BURNS: You won’t have to write comics anymore!

WILSON: There were vampires involved [Burns laughs]. I don’t know what to say about that.

BURNS: That’s OK [Laughs].

WILSON: It never saw the light of day, which is probably good.

BURNS: So you moved to Cairo in August 2003, is that correct?

WILSON: Yeah, that’s right. Two months after the first comic con that I ever went to. Actually less. A month after the first comic con I ever went to.

BURNS: And you said you worked in language school for six months?

WILSON: Yeah.

BURNS: What month would that have ended?

WILSON: That would have been September 2003 till like March 2004.

BURNS: OK. And you became a journalist for Cairo Magazine after you left language school.

WILSON: Yeah.

BURNS: What type of magazine was Cairo Magazine and how did you get involved?

WILSON: The magazine was an English-language weekly published by a really interesting and cool set of people, some of whom had previously worked for the Cairo Times, which was another English-language newspaper that had folded some time before. The function of the magazine was to provide independent, English reporting on things that were going on in Egypt so that people weren’t reliant on newswires and sort of processed, prepackaged information like…unfortunately a lot of what we read in the West is just the same newswire rehashed and repeated over and over, sometimes by people who haven’t even seen what’s being reported.

BURNS: Just rewriting the wire.

WILSON: Yeah. So I met the editors through a friend of a friend who was kind of plugged into the literature scene in Cairo, and that was really fun it was a really committed, eclectic, intelligent bunch of journalists who were really, really cool people.

BURNS: Did you have a specific department that you worked in or was it kind of…whatever came, you did?

WILSON: I mostly worked in the culture section, so I’d report on cultural events, and art and music and literature, people. Every once in a while I would do a more political piece, but I mostly stayed away from the really, really heavy-hitting stuff. I mean, I had colleagues who would wade into riots and talk to indicted opposition leaders and that kind of thing. But because I was married to an Egyptian and it wasn’t just my own safety that I would be risking I didn’t feel it was responsible to take on those jobs, because unfortunately the government in Egypt tends to punish not only people it doesn’t like but who have a relationship with people it doesn’t like, and I didn’t want to put any of my family members in potential jeopardy. Because as an American the worst that could happen to me is I would be deported, “whah whah,” but Egyptians could go to jail and that’s a lot [laughs].

BURNS: You had a pretty big extended family as well.

WILSON: Yeah absolutely. My husband’s whole family lives in Cairo. There’s a lot of stuff that I would have liked to report on, but I didn’t because I felt I didn’t…I have the right to endanger myself, but not to endanger my family.

BURNS: So censorship was a big issue then.

WILSON: Oh a huge issue: a huge issue. The magazine would have covers vetoed every so often by the Ministry of Information. I’ve had several friends who were deported for reporting on stories that were not in line with the government[‘s]—how shall we say—official story on certain situations. So it was definitely a big deal: much more so for the Egyptian journalists than for any of us though, I have to say. I mean the threat that Western journalists work under in Egypt is miniascule compared to the threat that Egyptian journalists work under.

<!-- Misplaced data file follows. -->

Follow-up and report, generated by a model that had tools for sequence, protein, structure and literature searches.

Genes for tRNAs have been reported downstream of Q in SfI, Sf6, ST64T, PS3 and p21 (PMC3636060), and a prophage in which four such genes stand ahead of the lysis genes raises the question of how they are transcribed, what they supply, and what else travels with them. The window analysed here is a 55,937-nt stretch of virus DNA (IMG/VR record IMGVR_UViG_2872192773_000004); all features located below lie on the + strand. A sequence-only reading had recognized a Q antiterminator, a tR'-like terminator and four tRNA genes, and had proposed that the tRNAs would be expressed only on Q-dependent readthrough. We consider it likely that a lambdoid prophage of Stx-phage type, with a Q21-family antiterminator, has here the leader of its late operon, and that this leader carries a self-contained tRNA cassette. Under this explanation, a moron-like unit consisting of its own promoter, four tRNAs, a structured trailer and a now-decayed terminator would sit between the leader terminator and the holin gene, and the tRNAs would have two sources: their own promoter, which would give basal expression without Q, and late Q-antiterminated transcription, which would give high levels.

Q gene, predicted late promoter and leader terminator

BURNS: I wanted to talk a little bit about your interview with Ali Gomaa. He was appointed Grand Mufti of Egypt in 2003, still holds the position today—

WILSON: I think it was early 2004.

BURNS: Early 2004?

WILSON: I think so.

BURNS: OK good. What would be the proper name to call him: would it be just his last name? Grand Mufti…?

WILSON: The official way to do it would be His Excellency or Mufti Ali Gomaa, or Mufti Gomaa, or Sheikh Ali Gomaa. It’s really—there are options.

BURNS: So how did that interview come about?

WILSON: Coincidence. It had nothing to do with my own particular skill or expertise or anything like that. I just happened to be at the right place at the right time. And I didn’t really expect anything to come of it. I asked questions that I was interested in personally, but when I wrote up the article, and started shopping it around, I realized that there was some really good stuff in there and that this was a person who is extremely important to what is going on religiously in Egypt and the Middle East, but whose voice was not heard in the Western media. So I thought, this is a good opportunity to give a Western audience a better look at who the important figures are in modern Islam. Because usually we hear about terrorists and militia groups and that kind of thing, but we never really hear about the scholars and the thinkers, and the people who are really driving the narrative of what it means to be Muslim in the 21st century. I thought it had the potential to do some good.

BURNS: And what were some of the things that [Sheikh Ali Gomaa] did that were maybe influential or against the grain a little bit?

WILSON: I think he’s been a very staunch defender of traditional ways of living and interpreting Islam. By traditional I mean more thoughtful, more spiritually oriented: more practical. Ironically, I think when people hear the word “traditional Muslim” they think of crazy people. They think of terrorists and that kind of thing when in fact, the version of Islam that is followed by extremists most often is very, very modern. It didn’t exist before the 18th century. I mean, they [the extremists] say differently, but the method of interpretation that they use is very, very recent. What Sheikh Ali Gomaa does is bring more attention to, in a positive way, the older schools of Islam and sort of make them relevant and make them accessible to people living in the modern world. And I think that’s what he’s done very, very well is reframe the tradition in a way that’s accessible to people of the 21st century.